Anargharaghava PDF

Statues of Lord Jagannath at Bhubaneswar. Hinduism and Buddhism in India and Bangladesh. Jagannath is anargharaghava PDF a form of Vishnu.


Författare: Karin Steiner.

The icon of Jagannath is a carved and decorated wooden stump with large round eyes and a symmetric face, and the icon has a conspicuous absence of hands or legs. The worship procedures, sacraments and rituals associated with Jagannath are syncretic, and include rites that are uncommon in Hinduism. Jagannath is considered a non-sectarian deity. The annual festival called the Ratha yatra celebrated in June or July every year in eastern states of India is dedicated to Jagannath. Jagannath“ is a compound word, consisting of „Jagat“ and „Nath“. Thus, Jagannath means „lord of the universe“. Jagannatha, according to them is a generic term, not unique, as much as Lokanatha or Avalokiteswara.

Jagannatha could be applied to any Deity which is considered supreme. This hypothesis states that the Vedic people as they settled into tribal regions adopted the tribal words and called the deity Jagannath. The icon of Jagannath in his temples is a brightly painted, rough-hewn log of neem wood. The image consists of a square flat head, a pillar that represents his face merging with the chest. The typical icon of Jagannath is unlike other deities found in Hinduism who are predominantly anthropomorphic. However, aniconic forms of Hindu deities are not uncommon.

For example, Shiva is often represented in the form of a Shiva linga. Jagannath icons are produced from wood. They are replaced every 11 to 14 years. Above: logs in transport to prepare the Jagannath icon. When shown with Balabhadra and Subhadra, he is identifiable from his circular eyes compared to the oval or almond shape of the other two abstract icons. Further, his icon is dark, while Balabhadra’s face is white, and Subhadra’s icon is yellow.

The third difference is the flat head of Jagannath icon, compared to semi-circular carved heads of the other two. The murtis of Jagannath, Balabhadra, Subhadra and Sudarshana Chakra are made of neem wood. Neem wood is chosen because the Bhavishya Purana declares it to be the most auspicious wood from which to make Vishnu murtis. Others consider him equivalent to the Hindu metaphysical concept of Brahman, wherein he then is the Avatarī, i. Jagannath is painted here in an anthropomorphic form, his four hands carrying the same symbols as Vishnu. In the Jagannath tradition, he has the attributes of all the avatars of Vishnu.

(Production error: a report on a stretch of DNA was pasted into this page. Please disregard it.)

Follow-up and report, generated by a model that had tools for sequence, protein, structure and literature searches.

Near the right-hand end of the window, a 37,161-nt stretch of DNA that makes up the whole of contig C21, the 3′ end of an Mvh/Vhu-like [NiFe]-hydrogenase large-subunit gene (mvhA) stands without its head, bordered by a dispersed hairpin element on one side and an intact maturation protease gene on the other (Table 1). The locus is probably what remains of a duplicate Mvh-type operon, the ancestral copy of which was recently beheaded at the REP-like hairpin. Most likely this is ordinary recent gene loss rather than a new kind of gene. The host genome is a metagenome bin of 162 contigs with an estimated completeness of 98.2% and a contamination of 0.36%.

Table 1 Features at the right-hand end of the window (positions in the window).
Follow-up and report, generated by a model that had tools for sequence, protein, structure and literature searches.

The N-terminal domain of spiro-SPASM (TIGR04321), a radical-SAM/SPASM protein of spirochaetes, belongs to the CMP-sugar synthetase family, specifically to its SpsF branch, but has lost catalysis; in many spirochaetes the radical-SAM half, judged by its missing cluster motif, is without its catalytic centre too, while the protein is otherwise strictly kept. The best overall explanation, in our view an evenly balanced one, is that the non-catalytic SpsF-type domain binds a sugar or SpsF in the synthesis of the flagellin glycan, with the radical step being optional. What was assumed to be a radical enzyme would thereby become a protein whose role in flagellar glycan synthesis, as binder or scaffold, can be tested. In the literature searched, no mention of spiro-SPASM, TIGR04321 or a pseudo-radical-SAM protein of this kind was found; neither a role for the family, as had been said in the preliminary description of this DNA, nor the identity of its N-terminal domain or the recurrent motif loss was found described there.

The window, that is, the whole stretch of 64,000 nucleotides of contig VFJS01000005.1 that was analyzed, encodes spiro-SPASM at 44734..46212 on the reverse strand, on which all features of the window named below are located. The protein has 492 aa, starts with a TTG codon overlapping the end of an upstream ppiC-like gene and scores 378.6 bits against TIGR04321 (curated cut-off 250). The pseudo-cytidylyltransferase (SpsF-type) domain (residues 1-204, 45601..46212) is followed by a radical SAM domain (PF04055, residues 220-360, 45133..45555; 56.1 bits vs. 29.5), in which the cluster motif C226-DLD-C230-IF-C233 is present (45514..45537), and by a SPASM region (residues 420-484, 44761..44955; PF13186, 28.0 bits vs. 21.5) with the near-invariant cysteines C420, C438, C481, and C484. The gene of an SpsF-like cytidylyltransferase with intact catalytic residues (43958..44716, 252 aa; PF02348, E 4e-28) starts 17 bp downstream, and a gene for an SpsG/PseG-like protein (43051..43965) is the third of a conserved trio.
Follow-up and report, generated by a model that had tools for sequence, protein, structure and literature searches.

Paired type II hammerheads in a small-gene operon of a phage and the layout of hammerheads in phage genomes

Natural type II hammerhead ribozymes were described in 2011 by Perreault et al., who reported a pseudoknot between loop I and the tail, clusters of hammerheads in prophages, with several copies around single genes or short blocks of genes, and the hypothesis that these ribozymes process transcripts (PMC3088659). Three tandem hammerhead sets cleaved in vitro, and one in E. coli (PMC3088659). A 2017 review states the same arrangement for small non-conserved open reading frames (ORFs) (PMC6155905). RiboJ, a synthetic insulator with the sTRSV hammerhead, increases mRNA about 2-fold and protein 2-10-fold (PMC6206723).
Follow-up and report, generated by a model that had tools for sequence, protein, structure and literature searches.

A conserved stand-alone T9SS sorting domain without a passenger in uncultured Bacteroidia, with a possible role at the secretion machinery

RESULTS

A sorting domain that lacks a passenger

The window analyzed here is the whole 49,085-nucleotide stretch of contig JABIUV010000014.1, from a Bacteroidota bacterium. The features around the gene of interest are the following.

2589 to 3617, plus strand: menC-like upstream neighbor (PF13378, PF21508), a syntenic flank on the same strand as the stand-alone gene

This belief is celebrated by dressing him and worshipping him as different avatars on special occasions. However he is most frequently identified with Krishna, the eighth avatar of Vishnu. Outside of Vaishnava tradition, Jagannath is considered the epitome of Tantric worship. The symmetry in iconography, the use of mandalas and geometric patterns in its rites support the tantric connection proposal. According to Bijoy Misra, Puri natives do call Jagannatha as Purushottama, consider driftwood a savior symbol, and later Hindu texts of the region describe the Supreme Being as ever present in everything, pervasive in all animate and inanimate things. Therefore, while the Vedic connection is subject to interpretation, the overlap in the ideas exist. The Jagannath festivities in Puri attract crowds with no class or caste barriers.

Some 19th-century writers saw this as one evidence for Buddhist origins, now a discredited theory. The Buddhist origins theory relies on circumstantial evidence and colonial era attempts to reconcile empirical observations with the stereotypical assumptions about Indian religions. Another basis for this theory has been the observed mixing of people of Jagannath Hindu tradition contrary to the caste segregation theories popular with colonial era missionaries and Indologists. Yet another circumstantial evidence is that Jagannath is sometimes identified with or substituted for Buddha, as the ninth avatar of Vishnu by Hindus, when it could have been substituted for any other avatar.

Jagannath was worshipped in Puri by the Odias as a form of Buddha from a long time. Left: Jagannath snana yatra, Right: Dress after the bathing ceremony. Pandit Nilakantha Das suggested that Jagannath was a deity of Jain origin because of the appending of Nath to many Jain Tirthankars. He felt Jagannath meant the ‚World personified‘ in the Jain context and was derived from Jinanath. According to Annirudh Das, the original Jagannath deity was influenced by Jainism and is none other than the Jina of Kalinga taken to Magadh by Mahapadma Nanda. Another circumstantial evidence supporting the Jain origins proposal is the discovery of Jaina images inside as well as near the massive Puri temple complex, including those carved into the walls.

However, this could also be a later addition, or suggestive of tolerance, mutual support or close relationship between the Jains and the Hindus. The Vaishnava origin theories rely on the iconographic details and the typical presence of the triad of deities, something that Buddhist, Jaina and tribal origins theories have difficulty in coherently explaining. The colors, state the scholars of the Vaishnava origin theory, link to black-colored Krishna and white-colored Balarama. The weakness of the Vaishnava origins theory is that it conflates two systems. While it is true that the Vaishnava Hindus in the eastern region of India worshipped the triad of Balarama, Ekanamsa and Krishna, it does not automatically prove that the Jagannath triad originated from the same.